Out-Law Guide | 30 Mar 2005 | 3:21 pm | 2 min. read
This guide is based on UK law. It was last updated in February 2008.
There are two approaches to software development which can be known as conventional and prototype approaches.
Under the conventional approach, there will be a detailed specification of what the user requires from the outset. The prototyping approach is more flexible. Although there will still be a specification, it will be less detailed and the user requirements are developed along the way, working with the developer.
This guide discusses the implications for the software development contract arising out of these two rather different approaches.
The contract differences will include those relating to the software user's requirements, change controls, acceptance criteria, project management and charges.
It is important to define the user's requirements in the contract. For the conventional approach, this document may well be a long, detailed and definitive statement. It may itself be the subject of a separate contract.
Once the development work is under way, it is inevitable that changes will be required. For a project of any complexity, the software will rarely be implemented as originally specified. A change control procedure will facilitate the steps of suggesting, documenting, pricing and implementing variations, and this should be set out in the contract.
However, where the requirements are not initially well-defined and are being developed through prototyping, the objective for the user can be stated only at a high level, by means of a short concept statement or guide. This too should be identified in the contract. As part of the iterative process, it will be interpreted creatively by the supplier, with the active co-operation of the user. It will be discussed and refined as the work progresses, until both parties agree that the objective has been achieved. Change control procedures are irrelevant because the process assumes constant change.
For conventional development there should always be acceptance testing by the user. The user has to be sure that before final payment, the system or software is performing according to its requirements. Yet to define the tests themselves at the time the contract is made is likely to be impossible. Nevertheless, the formal procedure for acceptance, allowing for repeat testing, and the deadline by which the tests should be completed, ought to be set out in the contract. If the user does not carry out the testing completely or uses the software operationally, then acceptance should be deemed to have taken place, for the supplier to be entitled to payment.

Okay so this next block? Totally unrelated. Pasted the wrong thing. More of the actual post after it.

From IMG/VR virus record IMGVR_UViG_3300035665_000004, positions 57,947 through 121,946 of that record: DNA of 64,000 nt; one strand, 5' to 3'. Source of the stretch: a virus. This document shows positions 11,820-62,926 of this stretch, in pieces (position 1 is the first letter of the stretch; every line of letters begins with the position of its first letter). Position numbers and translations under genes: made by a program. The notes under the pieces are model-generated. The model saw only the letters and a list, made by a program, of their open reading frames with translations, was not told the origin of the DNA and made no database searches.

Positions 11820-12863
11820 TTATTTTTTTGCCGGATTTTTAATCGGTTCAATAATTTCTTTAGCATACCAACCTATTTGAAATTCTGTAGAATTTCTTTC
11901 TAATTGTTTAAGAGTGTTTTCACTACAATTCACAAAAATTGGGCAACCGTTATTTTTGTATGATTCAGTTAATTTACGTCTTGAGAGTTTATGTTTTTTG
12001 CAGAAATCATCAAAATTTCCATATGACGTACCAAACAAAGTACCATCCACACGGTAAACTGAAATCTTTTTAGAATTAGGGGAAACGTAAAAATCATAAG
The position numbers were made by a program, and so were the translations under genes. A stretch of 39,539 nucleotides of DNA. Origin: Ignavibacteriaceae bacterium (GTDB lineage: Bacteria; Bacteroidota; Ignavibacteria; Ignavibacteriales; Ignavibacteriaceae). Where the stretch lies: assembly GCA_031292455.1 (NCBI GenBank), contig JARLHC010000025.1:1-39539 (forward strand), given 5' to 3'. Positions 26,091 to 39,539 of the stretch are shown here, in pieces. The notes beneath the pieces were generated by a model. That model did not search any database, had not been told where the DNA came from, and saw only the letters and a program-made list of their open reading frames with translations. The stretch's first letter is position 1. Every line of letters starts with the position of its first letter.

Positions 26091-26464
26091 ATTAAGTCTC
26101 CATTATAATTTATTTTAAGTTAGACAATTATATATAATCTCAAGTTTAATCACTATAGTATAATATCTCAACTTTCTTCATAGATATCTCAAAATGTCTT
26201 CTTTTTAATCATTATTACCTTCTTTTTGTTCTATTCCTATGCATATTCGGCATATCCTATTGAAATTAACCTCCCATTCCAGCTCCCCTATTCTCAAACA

For prototyping, the process of acceptance is ongoing, and implementation will take place when the user is satisfied that it has a useful system which meets its objective.
It is essential for project management procedures to be agreed and specified in the contract. Prototyping relies heavily on effective project management, because the method of working allows for uncertainty and encourages changes of direction, and this must be managed. For traditional software development, lack of project management is at the heart of many project failures. It is therefore crucial for each party to establish agreed procedures for management and review in the formal contract.
It is usually difficult to be aware of all the variables in assessing costs accurately at the outset of development. Some conventional development is carried out for a fixed price. As a general principle this is inadvisable, and variations which arise will probably be more highly priced than where the basis for charging is on the time spent. It may be possible to place a cap on the price. Suppliers tend to prefer this latter method, which gives them more certainty for cash flow. This is the normal method of charging used for prototyping contracts.
Estimated pricing is based on time costs, with a margin for error. The supplier will alert the user if the estimated figure is being approached, or if radical changes are made as the application unfolds, causing significant cost increases. The user can then make its decision about more or fewer resources or features and the extent of functionality.